2013 Honda CBR500/CB500R/CB500X

Discussion in 'Honda Big Bikes Thailand' started by KZ25, Oct 28, 2012.

  1. The new 500cc Honda models will be parallel twins; Honda will offer a faired CBR500, a naked CB500R and a "crossover" CB500X which is a small version of the "new concept" NC700X.


    Personally I'm not much interested in the sporty versions, but the CB500X might just be my next bike! I expect a higher seating position, storage space and a decent suspension; not for off-road but good for bad surfaces, bumps and potholes.
    500cc and 45 horses is just enough for me here in Thailand! Hopefully it's not too heavy. And the looks - well, guess I can get used to them.
    Looks like the bikes don't feature anything fancy so the prices should be low.
    Here's a short article:
  2. Given Honda's recent Form no doubt they will be coming at a Fantastic price as well so I am sure they will sell Loads of them! From the Photos even the Sports version looks great but I agree with the others the X-Version should tick all the Boxes for Riding and Touring this part of Asia! Could be Your Next Bike Slash? You could Load it up and Cover some real distance with the "X" in Comfort! And no doubt being Honda it will be Super Reliable and Fuel Efficient!
  3. Honda seems to attack Kawasaki head-on with quite similar models. A naked CB500 vs the ER6n; a faired CBR500 vs the Ninja 650 and the CB500X vs the Versys.
    Of course the Hondas are smaller (and hopefully lighter) and seem to offer ABS (as an option?) but are basic bikes, like the CBR250, and should be priced very competitively.
    So what's your guess for the non-ABS versions? The cheapest should be the naked CB500; 180,000 THB? The CBR500 (why wasn't it named CBR500R?) 210,000? The X 230,000?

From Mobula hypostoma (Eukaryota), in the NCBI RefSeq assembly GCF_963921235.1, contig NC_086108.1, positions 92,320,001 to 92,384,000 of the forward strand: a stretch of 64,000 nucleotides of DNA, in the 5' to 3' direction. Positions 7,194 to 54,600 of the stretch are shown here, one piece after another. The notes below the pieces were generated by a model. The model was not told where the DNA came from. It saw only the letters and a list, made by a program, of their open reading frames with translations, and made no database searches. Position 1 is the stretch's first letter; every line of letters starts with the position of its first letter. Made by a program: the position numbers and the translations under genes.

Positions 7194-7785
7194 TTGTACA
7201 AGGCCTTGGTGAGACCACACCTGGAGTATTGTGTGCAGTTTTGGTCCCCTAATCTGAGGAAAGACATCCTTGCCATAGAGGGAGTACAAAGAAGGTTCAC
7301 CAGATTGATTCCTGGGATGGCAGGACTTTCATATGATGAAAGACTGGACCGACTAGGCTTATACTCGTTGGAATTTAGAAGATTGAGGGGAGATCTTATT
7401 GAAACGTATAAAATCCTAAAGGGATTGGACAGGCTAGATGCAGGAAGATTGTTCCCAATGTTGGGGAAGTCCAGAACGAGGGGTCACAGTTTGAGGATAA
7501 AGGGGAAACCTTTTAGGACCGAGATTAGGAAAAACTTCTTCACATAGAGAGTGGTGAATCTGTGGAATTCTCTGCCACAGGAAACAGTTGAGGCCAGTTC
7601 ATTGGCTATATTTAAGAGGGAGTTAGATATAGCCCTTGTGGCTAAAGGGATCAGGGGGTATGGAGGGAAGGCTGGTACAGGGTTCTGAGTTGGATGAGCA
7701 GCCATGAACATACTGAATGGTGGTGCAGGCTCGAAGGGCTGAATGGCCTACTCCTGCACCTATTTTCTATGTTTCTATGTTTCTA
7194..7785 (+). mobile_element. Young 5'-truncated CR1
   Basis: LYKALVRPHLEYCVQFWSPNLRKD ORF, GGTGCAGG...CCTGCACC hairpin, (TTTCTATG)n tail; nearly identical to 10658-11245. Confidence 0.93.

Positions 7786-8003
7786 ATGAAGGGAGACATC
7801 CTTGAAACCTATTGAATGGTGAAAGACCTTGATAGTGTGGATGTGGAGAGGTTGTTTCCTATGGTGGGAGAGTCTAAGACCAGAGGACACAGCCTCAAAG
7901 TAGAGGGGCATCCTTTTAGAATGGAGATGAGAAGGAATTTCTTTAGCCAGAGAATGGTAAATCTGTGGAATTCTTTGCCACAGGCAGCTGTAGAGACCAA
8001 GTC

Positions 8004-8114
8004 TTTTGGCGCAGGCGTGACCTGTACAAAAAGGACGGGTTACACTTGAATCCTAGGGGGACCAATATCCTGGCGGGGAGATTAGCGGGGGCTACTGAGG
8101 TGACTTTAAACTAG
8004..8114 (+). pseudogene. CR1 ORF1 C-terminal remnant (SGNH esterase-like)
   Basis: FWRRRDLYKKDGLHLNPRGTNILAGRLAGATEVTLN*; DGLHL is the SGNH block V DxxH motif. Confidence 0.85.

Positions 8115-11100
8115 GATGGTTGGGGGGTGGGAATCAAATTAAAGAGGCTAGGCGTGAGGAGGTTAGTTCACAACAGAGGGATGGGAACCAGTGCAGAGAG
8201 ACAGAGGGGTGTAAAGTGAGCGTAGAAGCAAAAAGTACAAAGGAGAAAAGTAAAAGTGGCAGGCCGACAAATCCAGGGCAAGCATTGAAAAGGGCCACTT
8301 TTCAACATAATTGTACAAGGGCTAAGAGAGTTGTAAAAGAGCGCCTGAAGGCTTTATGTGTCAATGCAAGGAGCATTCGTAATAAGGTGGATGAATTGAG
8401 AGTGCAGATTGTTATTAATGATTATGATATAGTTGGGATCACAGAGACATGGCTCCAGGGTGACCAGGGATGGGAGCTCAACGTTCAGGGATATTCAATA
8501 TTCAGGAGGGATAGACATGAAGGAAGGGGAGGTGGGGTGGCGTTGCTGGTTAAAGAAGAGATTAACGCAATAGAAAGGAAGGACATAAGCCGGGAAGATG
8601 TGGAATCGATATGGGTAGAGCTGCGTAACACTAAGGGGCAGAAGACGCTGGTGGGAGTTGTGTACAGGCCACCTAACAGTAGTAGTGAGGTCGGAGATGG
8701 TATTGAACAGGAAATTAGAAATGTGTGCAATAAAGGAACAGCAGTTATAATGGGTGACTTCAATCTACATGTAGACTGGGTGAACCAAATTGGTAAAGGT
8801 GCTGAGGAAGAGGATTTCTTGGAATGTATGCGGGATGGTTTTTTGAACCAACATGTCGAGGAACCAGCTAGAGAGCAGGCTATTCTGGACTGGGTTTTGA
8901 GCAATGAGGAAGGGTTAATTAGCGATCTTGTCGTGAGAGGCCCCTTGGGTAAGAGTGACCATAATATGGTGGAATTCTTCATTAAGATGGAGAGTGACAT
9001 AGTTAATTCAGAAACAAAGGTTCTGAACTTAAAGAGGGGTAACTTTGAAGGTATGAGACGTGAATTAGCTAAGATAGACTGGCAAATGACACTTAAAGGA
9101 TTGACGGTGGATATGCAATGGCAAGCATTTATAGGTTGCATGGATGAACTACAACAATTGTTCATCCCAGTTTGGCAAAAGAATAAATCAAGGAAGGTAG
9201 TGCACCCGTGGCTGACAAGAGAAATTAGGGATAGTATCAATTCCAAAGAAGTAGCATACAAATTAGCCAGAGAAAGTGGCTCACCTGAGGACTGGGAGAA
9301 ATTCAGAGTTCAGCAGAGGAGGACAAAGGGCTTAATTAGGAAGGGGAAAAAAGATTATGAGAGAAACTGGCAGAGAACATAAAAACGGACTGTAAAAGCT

You'd get a 650 Kawasaki for that. It'll be interesting to see next month at the official release.
    All in all I think Honda is on the right track with simple, economical small displacement bikes which hopefully entices the other makers to come up with new models in the 250, 400, 500 and 650cc range. I'm tired of those expensive top-of-the-line bikes I can't afford!
    Even if I had the big bucks I wouldn't go overboard here in Thailand; 50 horses should do just fine.
  4. ^ You really think a Kawa 650 with only ~65-70 hp is "overboard"?

    These new Hondas will beat Kawasaki on PRICE and FUEL EFFICIENCY and not much else imo...

    ps. all Kawa 650's come with ABS in Thailand.

  5. I mentioned Kawa's 650 when I compared the new models and their prices. With expensive over-the-top motorcycles I meant BMW, KTM, Ducati and the big liter bikes available from the Japanese. Bikes that cost 400,000+ with 100+ hp and top speeds of 200+. I used to read up on these new and fascinating bikes but in recent years have lost interest in them.
    When I lived in the US I had a ZX9R a year before the R1 came out; a 1400 Intruder, several used BMW K75 and 100 and assorted others from 650 to 1000cc. A 650 is a "beginner's bike" over there. I rode big bikes for years and paid lots of speeding tickets, that was a phase I enjoyed but now I'm in my fifties and don't feel the need for speed anymore. Also I simply can't afford a bike that costs half a million baht.
    Of all those bikes I wish I had one of my XS650s over here.
    In Thailand you pass 80% of the traffic when you ride 100 km/h - as I realized again on my recent 1,900km vacation trip from Songkhla to Krabi to Phuket and back. And I rode a Nouvo 135! With all the lame diesel pick-ups, old busses and trucks on the road a 250 feels like a rocket. Heck, even my CBR150R leaves the rest of this traffic way behind at any red light!